Disc with feline head

CULTURE:
Milagro-Quevedo culture (?)
DATE:
c. 800–1500 CE
more object details

General Description

Among the societies of Central America, gold ornaments were important symbols of power and prestige that expressed authority and status in life and in death. Made to be worn across the chest, gold disks and pendants were still worn by local inhabitants of the Caribbean coast when Europeans encountered them at the turn of the 16th century.

The small hole at the top suggest this gold circular disk would have originally been worn hanging over the chest as a pectoral either fastened to a neckband or garment. Often referred to as patenas, many examples of such pectorals have been found from this region and are usually similar in size with simple decoration of raised dots around the rim and highly polished surfaces. Others feature figural designs and large bosses, as seen in this example. The image is flattened and bilaterally symmetrical for maximum decorative effect and features a large central boss with a feline head surrounded by a series of dots and a dotted diamond motif and another band of dots around the edge. The goldwork attributed to the Milagro-Quevedo and Manta cultures of western Ecuador has much in common with ornaments made by the Capulí culture in the Nariño region of southwestern Colombia; circular pectorals and ear ornaments with a central human or feline head in high relief are hallmarks of both styles.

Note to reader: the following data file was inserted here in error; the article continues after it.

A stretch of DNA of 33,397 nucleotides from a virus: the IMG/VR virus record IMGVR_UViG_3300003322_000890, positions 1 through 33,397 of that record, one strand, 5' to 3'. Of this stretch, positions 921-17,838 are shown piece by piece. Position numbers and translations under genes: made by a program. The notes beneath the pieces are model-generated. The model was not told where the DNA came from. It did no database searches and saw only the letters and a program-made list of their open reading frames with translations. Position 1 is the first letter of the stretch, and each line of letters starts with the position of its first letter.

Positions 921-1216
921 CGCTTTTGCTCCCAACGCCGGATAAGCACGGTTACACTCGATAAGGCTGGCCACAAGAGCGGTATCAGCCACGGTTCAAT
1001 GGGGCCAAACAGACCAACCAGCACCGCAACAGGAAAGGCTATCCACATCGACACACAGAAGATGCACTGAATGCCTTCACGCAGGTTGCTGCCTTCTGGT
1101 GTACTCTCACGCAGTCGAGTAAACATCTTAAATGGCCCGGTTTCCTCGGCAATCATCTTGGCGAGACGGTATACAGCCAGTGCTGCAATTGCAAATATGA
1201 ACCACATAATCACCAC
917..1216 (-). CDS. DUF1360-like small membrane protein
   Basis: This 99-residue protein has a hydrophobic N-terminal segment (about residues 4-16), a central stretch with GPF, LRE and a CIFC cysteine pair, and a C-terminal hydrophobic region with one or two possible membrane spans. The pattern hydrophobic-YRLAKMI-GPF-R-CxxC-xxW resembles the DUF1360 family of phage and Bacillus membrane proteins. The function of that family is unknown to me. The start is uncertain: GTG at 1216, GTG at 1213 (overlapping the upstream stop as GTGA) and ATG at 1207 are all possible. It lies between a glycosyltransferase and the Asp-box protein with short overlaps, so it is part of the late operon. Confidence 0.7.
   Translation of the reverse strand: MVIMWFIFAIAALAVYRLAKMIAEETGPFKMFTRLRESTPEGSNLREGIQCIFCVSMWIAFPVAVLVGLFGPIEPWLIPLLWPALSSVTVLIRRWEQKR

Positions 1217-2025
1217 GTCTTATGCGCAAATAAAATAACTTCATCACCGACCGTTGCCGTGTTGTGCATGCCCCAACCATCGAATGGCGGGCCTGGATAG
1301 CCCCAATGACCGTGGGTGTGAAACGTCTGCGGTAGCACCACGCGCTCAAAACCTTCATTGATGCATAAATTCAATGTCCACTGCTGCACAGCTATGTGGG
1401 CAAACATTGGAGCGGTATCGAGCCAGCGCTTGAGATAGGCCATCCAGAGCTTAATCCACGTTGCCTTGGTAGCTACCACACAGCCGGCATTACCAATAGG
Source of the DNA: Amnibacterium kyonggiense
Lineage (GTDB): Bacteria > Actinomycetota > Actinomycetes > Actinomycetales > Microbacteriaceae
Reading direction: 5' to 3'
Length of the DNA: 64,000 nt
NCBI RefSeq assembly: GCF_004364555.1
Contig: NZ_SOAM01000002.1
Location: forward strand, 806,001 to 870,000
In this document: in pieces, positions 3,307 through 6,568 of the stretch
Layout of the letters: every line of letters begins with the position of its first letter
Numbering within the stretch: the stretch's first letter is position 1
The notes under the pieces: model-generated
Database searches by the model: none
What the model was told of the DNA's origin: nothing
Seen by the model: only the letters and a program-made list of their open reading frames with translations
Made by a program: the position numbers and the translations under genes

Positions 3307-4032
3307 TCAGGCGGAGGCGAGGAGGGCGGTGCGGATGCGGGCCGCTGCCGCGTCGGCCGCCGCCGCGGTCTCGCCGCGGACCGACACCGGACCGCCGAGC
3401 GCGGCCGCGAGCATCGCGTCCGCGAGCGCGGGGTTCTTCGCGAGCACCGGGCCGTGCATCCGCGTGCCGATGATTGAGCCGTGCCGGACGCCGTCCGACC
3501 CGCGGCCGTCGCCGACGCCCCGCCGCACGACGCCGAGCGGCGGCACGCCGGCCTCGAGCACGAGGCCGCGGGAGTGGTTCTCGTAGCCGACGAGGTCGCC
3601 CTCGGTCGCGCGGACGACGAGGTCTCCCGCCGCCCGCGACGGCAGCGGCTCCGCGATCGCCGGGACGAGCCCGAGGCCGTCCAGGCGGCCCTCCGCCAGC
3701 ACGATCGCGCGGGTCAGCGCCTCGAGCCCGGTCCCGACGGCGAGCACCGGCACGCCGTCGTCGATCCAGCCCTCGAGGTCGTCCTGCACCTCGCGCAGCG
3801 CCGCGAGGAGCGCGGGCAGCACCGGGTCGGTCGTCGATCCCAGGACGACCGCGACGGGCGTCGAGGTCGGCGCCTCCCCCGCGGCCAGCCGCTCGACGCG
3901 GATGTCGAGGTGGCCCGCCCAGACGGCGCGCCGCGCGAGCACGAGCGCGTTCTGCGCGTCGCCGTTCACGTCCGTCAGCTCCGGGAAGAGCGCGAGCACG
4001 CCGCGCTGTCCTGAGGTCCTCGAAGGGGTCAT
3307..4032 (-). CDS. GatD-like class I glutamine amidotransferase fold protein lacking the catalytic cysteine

Felines, a common theme among the cultures of Intermediate Central America, are depicted in a variety of sizes and styles and sometimes represent a fusion of various animal features and species. Though their exact meaning is unknown, gold objects such as these were likely worn on ceremonial occasions, and would have created a dazzling golden image. For many peoples of the ancient Americas, jaguars and other large felines were likely considered mythic figures. Feline ornaments may have thus offered protection to the wearer, and when represented in gold, such as this example, they are even more powerful.

Adapted from

  • Bonnie Pitman, ed., "Pendant with two frogs (1976.W.292), Pendant bell depicting a turtle (1976.W.301), Pendant depicting a batlike mask (1976.W.237)," in Dallas Museum of Art: A Guide to the Collection (New Haven, CT: Yale University Press, 2012), 35.

  • Carol Robbins, "Disk with feline head (1983.6.FA)," in Dallas Museum of Art: A Guide to the Collection, ed. Suzanne Kotz (Dallas, TX: Dallas Museum of Art, 1997), 177.

  • Carol Robbins, "Pendant depicting a figure with batlike mask (1976.W.237)," in Dallas Museum of Art: A Guide to the Collection, ed. Suzanne Kotz (Dallas, TX: Dallas Museum of Art, 1997), 181.

  • "Pectoral Disk (Patena) (1977.187.28)." In Heilbrunn Timeline of Art History. New York: The Metropolitan Museum of Art, 2000–.https://www.metmuseum.org/toah/works-of-art/1977.187.28/. (August 2009).